§ 46. Mr. Hannah
asked the Chancellor of the Exchequer whether the 20 per cent. of the Excess Profits Tax will be returnable to the firm or individual paying that tax, or whether it will be payable to industry collectively according to need?
§ The Chancellor of the Exchequer (Sir Kingsley Wood)
I would refer my hon. Friend to the provisions of Section 28 of the Finance Act, 1941, which provide for repayment to the person who has paid the tax subject to the conditions that are in due course to be laid down by Parliament being satisfied.
§ 47. Major Procter
asked the Chancellor of the Exchequer whether his attention has been called to the prejudicial effect on trading due to company investments in State securities being regarded as a reduction of [...] in relation to excess profits; and whether he will, in his coming legislation, consider the removal of this anomaly?
§ Sir K. Wood
I would refer my hon. and gallant Friend to the statements I made on this matter on 20th November and 2nd December last in reply to Questions put by my hon. Friend the Member for Gravesend (Sir I. Albery). I may perhaps call the attention of my hon. and gallant Friend to the fact that it is now open to any company or other trader to purchase Tax Reserve Certificates which, in so far as they are accepted in payment of tax by the company or trader, carry interest and count as capital employed in the business for the purposes of Excess Profits Tax.
§ 52. Major Procter
asked the Financial Secretary to the Treasury whether there is any appeal against the decisions of the various purchasing Departments in fixing prices for war contracts; and whether he will reconsider this policy which may react unfairly on the firms concerned in regard to Excess Profits Tax and the postwar refund of 20 per cent.?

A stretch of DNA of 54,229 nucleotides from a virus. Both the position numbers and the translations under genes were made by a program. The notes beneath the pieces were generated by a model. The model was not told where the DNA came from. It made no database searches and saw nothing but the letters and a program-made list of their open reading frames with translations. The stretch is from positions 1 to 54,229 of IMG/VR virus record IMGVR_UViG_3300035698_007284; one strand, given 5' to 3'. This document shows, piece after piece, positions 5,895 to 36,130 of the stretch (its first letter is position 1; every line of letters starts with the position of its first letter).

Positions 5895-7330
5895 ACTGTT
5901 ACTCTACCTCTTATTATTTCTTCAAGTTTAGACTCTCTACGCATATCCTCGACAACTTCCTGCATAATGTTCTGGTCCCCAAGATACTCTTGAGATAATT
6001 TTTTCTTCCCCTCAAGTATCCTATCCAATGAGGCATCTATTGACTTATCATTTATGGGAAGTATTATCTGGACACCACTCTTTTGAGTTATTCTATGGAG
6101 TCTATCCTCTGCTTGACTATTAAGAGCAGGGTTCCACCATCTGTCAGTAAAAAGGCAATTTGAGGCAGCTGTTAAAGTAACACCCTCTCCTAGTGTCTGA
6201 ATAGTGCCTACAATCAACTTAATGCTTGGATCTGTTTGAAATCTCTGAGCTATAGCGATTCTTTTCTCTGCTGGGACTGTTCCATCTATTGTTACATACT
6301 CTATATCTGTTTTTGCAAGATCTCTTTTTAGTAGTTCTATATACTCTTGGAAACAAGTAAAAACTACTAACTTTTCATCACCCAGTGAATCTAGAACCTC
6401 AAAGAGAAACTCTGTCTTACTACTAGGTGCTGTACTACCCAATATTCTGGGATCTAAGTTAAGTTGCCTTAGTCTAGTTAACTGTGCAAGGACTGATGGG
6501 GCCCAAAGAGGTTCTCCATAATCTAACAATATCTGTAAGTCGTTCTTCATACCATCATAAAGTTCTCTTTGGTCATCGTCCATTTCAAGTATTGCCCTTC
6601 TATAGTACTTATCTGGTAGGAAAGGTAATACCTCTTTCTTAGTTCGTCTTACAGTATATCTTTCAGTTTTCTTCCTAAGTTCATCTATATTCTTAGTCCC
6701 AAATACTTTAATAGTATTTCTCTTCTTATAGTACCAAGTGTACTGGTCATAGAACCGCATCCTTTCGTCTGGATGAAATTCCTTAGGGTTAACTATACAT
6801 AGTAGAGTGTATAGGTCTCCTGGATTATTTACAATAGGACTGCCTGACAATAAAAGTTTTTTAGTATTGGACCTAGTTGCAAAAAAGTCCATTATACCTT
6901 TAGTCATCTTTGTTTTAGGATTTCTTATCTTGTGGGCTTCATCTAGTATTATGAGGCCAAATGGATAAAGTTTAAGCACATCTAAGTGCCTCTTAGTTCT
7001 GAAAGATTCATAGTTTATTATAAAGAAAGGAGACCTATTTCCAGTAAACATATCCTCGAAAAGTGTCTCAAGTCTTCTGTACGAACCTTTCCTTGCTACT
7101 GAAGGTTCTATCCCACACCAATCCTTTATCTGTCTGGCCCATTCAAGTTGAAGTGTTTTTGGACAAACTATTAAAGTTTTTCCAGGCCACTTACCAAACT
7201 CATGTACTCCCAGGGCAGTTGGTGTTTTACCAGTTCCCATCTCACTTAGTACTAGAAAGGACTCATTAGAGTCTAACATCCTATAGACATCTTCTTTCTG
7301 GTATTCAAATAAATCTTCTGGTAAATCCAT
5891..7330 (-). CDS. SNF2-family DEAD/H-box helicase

§ The Financial Secretary to the Treasury (Captain Crookshank)
I am not sure that I follow precisely what my hon. and gallant Friend has in mind. Contract terms, which include prices, are settled in negotiation between the purchasing Department and contractors on the basis that they should be fair and reasonable to both parties.
§ 48 and 49. Mr. Radford (for Mr. Hewlett)
asked the Chancellor of the Exchequer, (1) whether, in view of the fact that Sir Alexander Gibb & Partners received reimbursements to the extent of £358,000 from December, 1940, until 31st March, 1942, this firm is liable for Excess Profits Tax for the period in question;
(2) whether, in view of the fact that Messrs. T. P. Bennett and Son received fees amounting to £,22,242 for the calendar year 1941, this firm is liable for Excess Profits Tax for the period in question?
§ Sir K. Wood
I cannot furnish any information in reply to either of these Questions, for it would be contrary to the statutory obligations of secrecy to disclose any information regarding the tax liability of individual taxpayers.
§ Major Lyons
While appropriating what the right hon. Gentleman had said, may I ask whether it is not a fact that the gentleman referred to in Question 48 has a partner occupying a position in a Government Department and that, in relation to Question 49, the firm mentioned has a partner holding a position connected with the distribution of contracts?